NASA fares well in federal spending plan
The National Aeronautics and Space Administration fared well in the administration's 2007 budget proposal, gaining a $16.8 billion increase.
The NASA spending proposal is part of a $2.77 trillion budget unveiled Monday, and will keep alive plans to send astronauts back to the moon and then to Mars, the Orlando (Fla.) Sentinel reported Tuesday.
NASA Administrator Michael Griffin told reporters he considers the proposed NASA budget "a modest investment to extend the frontiers of space exploration, scientific discovery, and aeronautics research."
"As we look forward to the events that will define this century and beyond, I have no doubt that the expansion of human presence into the solar system will be among the greatest of our achievements," said Griffin.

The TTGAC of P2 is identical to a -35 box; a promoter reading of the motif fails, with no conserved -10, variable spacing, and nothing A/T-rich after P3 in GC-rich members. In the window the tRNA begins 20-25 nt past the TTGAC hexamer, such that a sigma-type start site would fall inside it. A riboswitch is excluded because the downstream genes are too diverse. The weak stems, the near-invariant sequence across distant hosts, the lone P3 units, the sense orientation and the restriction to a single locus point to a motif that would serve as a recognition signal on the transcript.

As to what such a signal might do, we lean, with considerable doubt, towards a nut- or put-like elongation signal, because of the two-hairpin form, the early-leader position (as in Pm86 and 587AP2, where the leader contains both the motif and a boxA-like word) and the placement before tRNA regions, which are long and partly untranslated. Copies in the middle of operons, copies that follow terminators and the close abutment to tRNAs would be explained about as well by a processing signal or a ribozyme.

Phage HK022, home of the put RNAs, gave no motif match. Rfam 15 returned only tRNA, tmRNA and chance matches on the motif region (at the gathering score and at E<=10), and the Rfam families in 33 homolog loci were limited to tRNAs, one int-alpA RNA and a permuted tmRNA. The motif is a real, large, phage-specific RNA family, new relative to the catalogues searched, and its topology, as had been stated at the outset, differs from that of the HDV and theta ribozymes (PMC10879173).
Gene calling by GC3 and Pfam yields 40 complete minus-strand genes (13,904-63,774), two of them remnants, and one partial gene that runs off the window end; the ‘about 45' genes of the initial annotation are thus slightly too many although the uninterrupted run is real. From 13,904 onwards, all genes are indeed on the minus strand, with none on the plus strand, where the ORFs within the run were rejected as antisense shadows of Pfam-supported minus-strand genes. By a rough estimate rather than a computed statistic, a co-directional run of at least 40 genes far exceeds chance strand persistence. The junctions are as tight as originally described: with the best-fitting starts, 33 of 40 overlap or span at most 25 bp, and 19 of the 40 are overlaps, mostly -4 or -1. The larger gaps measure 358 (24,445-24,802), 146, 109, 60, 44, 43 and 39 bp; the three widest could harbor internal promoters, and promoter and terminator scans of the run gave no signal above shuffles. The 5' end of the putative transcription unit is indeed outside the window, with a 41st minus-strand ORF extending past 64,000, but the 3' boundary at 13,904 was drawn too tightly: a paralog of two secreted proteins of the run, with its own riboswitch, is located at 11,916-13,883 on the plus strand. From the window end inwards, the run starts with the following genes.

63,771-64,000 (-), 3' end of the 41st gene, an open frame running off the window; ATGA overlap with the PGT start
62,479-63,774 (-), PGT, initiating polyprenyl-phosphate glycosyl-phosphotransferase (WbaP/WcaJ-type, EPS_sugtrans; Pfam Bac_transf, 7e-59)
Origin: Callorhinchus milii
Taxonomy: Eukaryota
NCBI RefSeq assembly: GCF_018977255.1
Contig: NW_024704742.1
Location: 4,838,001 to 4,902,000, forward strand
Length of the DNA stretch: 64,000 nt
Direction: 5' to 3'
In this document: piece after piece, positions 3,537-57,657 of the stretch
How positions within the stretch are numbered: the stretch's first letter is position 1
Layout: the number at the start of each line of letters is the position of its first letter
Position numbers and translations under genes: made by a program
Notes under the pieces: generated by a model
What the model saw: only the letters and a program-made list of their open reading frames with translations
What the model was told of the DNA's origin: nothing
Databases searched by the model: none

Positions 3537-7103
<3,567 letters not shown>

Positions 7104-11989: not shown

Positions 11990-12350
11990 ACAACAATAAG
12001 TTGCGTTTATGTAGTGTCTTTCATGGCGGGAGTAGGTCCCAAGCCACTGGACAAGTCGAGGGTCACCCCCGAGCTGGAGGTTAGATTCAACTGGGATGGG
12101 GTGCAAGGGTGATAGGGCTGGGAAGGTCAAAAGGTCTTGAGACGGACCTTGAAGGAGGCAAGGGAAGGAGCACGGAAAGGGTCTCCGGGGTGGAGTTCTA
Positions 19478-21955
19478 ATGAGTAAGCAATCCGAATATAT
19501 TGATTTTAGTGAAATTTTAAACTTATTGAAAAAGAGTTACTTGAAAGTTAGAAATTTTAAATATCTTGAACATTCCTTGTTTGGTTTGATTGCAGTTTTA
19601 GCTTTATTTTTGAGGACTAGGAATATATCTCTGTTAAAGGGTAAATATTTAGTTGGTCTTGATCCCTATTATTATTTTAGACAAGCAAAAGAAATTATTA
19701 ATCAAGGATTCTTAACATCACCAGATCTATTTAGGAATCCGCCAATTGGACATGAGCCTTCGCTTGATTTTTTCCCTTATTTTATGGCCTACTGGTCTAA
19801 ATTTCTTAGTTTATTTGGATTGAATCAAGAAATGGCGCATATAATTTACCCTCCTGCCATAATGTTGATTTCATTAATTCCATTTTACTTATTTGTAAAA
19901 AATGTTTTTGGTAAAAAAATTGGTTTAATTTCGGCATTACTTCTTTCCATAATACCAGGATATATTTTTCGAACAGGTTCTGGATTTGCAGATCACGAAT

He said the budget proposal would, among other things, help NASA complete the assembly of the International Space Station, as well as provide more than $5.3 billion in funding for NASA's science missions.
Griffin admitted the budget departs from his previous promise not to take money from science to pay for NASA's space exploration plans, the Sentinel reported.
"I wish we hadn't had to do it," he said.
Copyright 2006 by United Press International